Director: Ben Lewin
Starring: John Hawkes, Helen Hunt, William H. Macy, Moon Bloodgood, W. Earl Brown
What is the difference between a sex surrogate and a prostitute? According to Cheryl Cohen-Greene (Hunt), prostitutes want your return business. Mark O'Brien (Hawkes) spends ninety percent of his day living in an iron lung. The rest of the day is spent being carried around on a gurney by his attendant, Vera (Bloodgood). Whether it is clothes shopping, going to church, or visiting other friends, Vera is by his side bringing him where ever he needs to go. Mark suffers from polio and his body has become quite weak. He suffers great pain when he needs to move his arms and legs if it is not done with the utmost care.
Despite being only 38 years old, he feels his time on Earth is limited and coming to an end sooner than later. He desperately feels the need to lose his virginity and to feel what sex is like before he dies. He consults his priest Father Brendan (Macy) on the morality behind this. Would God be okay with sex outside of marriage in this circumstance? Mark hires sex surrogate Cheryl to help him lose his virginity. The first couple of sessions are a bit awkward as Mark struggles with his physical limitations. Mark is not a shy man and continues to fill in Fr. Brendan with the updates from each of his sessions no matter how many other people are sitting in the pews at church or how intimate the discussion gets.
The Sessions could easily have been a heavy and depressing movie mirroring something you would find on Lifetime. It is the exact opposite of that. Writer and director Ben Lewin wrote this screenplay after reading Mark O'Brien's article "On Seeing a Sex Surrogate". The real Mark O'Brien must have had one wicked sense of humor. I was pleasantly surprised at how funny and warmhearted the movie felt. Lewin is a polio survivor himself which gives the movie an additional feeling of honesty and beauty. While the movie may have more sex scenes than you are used to seeing, it never comes across as graphic or shocking. Watching two completely opposite people grow and learn from each other leaves a bigger impact on each scene than the physical act that initiated the connection.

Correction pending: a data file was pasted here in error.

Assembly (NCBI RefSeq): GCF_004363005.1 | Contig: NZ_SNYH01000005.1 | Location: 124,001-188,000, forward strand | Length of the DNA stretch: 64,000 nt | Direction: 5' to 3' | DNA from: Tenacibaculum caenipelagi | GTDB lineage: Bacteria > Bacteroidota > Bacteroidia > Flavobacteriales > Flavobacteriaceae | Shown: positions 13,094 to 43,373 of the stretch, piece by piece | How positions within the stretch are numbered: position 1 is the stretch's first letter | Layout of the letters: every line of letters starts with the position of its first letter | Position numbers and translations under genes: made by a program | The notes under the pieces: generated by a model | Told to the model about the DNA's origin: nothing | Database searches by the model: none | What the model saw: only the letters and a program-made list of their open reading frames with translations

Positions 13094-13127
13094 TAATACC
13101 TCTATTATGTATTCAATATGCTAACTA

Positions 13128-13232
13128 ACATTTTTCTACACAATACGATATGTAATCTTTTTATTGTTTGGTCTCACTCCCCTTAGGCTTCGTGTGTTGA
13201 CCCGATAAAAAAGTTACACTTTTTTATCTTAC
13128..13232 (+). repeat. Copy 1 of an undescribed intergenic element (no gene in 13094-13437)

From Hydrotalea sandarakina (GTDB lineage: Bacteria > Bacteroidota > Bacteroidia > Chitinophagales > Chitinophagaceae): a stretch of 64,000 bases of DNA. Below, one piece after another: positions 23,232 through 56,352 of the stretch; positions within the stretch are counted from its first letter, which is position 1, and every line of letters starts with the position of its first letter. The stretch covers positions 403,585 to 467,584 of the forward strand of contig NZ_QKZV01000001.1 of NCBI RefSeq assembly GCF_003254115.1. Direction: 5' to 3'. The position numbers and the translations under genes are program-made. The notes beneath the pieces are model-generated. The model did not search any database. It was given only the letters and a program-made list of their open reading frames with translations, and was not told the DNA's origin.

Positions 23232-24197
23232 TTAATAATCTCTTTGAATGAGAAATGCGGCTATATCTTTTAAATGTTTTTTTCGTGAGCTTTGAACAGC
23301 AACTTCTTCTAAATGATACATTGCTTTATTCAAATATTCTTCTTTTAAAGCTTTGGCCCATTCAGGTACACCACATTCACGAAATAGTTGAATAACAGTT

You may not recognize John Hawkes as he does a remarkable job transforming his body and speech to portray the polio-stricken Mark O'Brien. If you have seen Winter's Bone, Lincoln, or HBO's "Deadwood" you have seen the work of John Hawkes before. He is the type of character actor that when he pops up, you know his face but somehow can never remember his name. He always gives a stunning performance no matter how big or small his character is. He balances the seriousness of the situation with enough humor without ever having to beg for pity. I love when an actor completely surprises me. I thought I knew going in what kind of performance Helen Hunt was going to give. She topped my expectations by giving one of the best performances of her career. She is completely vulnerable and lets the audience in on every thought and emotion Cheryl goes through as her life is altered by the effect Mark has on her. Tender, poignant, touching are easy way to describe this interesting story. This is the kind of indie movie you will be glad you risked the price of admission on.
RATING: **** 1/2 (4.5 out of 5 stars)